Birds of the Heart of England
A Sixty Year Study 1952–2011
Edited by Trevor Easterbrook
Trevor Easterbrook has been recording and writing on birdlife for many years.
Foreword List of abbreviations Introduction Record keeping and fieldwork rationale Terrain of the BOS area Habitat changes over the 60 years Bird population changes over the 60 years Systematic Species List Conservation in the BOS area Ringing in the BOS Annual Breeding Season Survey Random Square Survey methods Conclusion
... this book perfectly reflects the intense and varied ornithological activity. It marvellously illustrates how the gathered information can be transposed beautifully into figures and images. In addition to the lists of mapped and described species, Birds of the Heart of England dedicates several chapters to information about habitat changes. Among these, there is a chapter explaining changes in species distribution. This book is a good example of a thorough review conducted of a relatively small area.
This timely, chunky, 200-page book and regional avifauna summarises the results from 60 years of study, 1952-2011.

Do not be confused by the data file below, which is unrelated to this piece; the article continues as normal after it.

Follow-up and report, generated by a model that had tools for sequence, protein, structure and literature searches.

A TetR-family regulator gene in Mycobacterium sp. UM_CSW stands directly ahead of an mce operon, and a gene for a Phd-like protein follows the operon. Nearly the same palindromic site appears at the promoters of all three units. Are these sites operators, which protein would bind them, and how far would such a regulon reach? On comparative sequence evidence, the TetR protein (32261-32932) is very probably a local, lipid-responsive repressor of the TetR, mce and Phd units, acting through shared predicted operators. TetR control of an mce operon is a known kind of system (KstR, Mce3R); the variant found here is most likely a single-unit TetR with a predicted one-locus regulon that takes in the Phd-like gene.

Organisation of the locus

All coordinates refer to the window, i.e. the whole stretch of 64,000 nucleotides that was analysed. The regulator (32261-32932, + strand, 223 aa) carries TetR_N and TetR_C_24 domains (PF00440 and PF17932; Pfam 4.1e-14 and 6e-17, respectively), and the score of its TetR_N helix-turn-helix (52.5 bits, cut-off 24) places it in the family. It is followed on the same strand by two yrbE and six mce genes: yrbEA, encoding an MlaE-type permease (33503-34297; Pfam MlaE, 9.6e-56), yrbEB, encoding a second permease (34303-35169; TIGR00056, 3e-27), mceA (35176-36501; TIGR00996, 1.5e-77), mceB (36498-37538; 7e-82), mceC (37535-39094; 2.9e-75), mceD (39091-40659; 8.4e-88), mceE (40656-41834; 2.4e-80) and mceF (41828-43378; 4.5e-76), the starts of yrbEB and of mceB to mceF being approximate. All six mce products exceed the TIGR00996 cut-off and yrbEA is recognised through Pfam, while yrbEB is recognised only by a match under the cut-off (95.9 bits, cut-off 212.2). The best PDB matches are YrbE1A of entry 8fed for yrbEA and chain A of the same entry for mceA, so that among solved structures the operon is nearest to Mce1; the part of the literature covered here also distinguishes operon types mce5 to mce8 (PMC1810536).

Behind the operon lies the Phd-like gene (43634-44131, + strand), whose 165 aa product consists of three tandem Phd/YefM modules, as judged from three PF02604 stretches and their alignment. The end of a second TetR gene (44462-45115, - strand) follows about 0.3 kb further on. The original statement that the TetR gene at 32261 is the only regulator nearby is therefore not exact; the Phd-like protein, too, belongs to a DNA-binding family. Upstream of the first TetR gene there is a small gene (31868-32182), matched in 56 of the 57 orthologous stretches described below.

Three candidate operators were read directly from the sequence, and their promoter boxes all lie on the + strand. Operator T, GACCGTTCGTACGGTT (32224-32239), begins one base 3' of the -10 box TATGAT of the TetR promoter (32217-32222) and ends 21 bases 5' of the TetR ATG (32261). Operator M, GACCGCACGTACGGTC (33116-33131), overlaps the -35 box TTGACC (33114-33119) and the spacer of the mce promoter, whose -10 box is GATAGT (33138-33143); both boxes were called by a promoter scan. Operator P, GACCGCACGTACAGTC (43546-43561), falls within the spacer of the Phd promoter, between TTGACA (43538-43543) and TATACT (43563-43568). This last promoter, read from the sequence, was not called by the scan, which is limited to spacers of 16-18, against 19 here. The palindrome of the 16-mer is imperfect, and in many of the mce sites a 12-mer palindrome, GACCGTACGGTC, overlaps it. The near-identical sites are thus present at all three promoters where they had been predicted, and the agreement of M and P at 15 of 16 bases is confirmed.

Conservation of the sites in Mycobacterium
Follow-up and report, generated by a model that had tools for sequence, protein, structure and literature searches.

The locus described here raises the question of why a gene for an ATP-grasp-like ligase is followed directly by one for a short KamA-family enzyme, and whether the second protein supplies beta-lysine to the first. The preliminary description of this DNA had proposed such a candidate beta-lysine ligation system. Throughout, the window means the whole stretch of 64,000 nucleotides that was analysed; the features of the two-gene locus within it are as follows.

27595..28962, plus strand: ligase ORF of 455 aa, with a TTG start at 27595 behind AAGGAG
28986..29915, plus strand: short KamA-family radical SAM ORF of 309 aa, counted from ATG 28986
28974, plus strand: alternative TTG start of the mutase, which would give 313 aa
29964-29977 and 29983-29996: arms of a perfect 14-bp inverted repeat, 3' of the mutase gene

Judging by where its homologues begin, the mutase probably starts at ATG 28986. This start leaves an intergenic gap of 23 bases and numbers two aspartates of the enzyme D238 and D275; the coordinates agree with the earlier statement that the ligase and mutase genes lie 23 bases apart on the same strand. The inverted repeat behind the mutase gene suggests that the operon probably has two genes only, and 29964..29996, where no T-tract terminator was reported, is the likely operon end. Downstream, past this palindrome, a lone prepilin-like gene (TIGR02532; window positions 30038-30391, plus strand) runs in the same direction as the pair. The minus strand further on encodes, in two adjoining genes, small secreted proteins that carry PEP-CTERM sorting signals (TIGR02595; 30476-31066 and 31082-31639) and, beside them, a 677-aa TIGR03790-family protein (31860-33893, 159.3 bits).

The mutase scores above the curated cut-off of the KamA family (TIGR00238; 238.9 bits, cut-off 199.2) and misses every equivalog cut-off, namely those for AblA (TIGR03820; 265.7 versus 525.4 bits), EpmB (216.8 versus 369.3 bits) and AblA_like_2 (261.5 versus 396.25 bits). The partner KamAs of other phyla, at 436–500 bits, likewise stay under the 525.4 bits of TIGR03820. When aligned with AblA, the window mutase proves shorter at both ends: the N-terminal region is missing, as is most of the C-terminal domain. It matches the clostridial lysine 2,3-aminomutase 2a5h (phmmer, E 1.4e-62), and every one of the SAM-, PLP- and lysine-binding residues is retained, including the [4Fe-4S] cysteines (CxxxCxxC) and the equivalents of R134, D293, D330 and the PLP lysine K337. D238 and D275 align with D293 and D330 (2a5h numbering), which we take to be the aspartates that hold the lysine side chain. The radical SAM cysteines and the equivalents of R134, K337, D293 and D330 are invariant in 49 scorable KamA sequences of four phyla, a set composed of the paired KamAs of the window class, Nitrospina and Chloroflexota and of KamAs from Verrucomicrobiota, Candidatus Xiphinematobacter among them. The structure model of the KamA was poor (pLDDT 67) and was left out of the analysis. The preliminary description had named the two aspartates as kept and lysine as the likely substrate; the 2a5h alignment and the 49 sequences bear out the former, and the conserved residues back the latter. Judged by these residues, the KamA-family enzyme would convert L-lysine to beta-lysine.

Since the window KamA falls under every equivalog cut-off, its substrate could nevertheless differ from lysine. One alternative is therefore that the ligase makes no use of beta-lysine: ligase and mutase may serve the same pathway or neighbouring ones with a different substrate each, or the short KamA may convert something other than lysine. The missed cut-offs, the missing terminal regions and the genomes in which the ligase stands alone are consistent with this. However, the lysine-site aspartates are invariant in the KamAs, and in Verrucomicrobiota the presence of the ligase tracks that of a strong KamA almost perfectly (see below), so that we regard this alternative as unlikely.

The eye-catching Great Spotted Woodpecker on the jacket cover beckons a good read for all local birders, a recommended source for conservationists in an area threatened by road, rail, air and housing development – an ideal template for other societies, visitors to this region.
...this excellent book displays a justifiable pride in the achievements of a small local bird club, the Banbury Ornithological Society.
This is one of a series of excellent county publications produced recently by the non-profitmaking Liverpool University Press and is highly recommended for anyone interested in the systematic monitoring of birds in their home area.
John Clark British Birds
This book is well-produced. If you live in the relevant parts of Oxon, Northants or Warwicks, and are interested in birds, then you should certainly buy it. If you are just interested in birds then it’s well worth a look – and you may decide that you wish you lived in the Banbury area – if not for its birds, then certainly for the Banbury Ornithological Society.
Size: 248 x 172 mm
Publication: June 30, 2013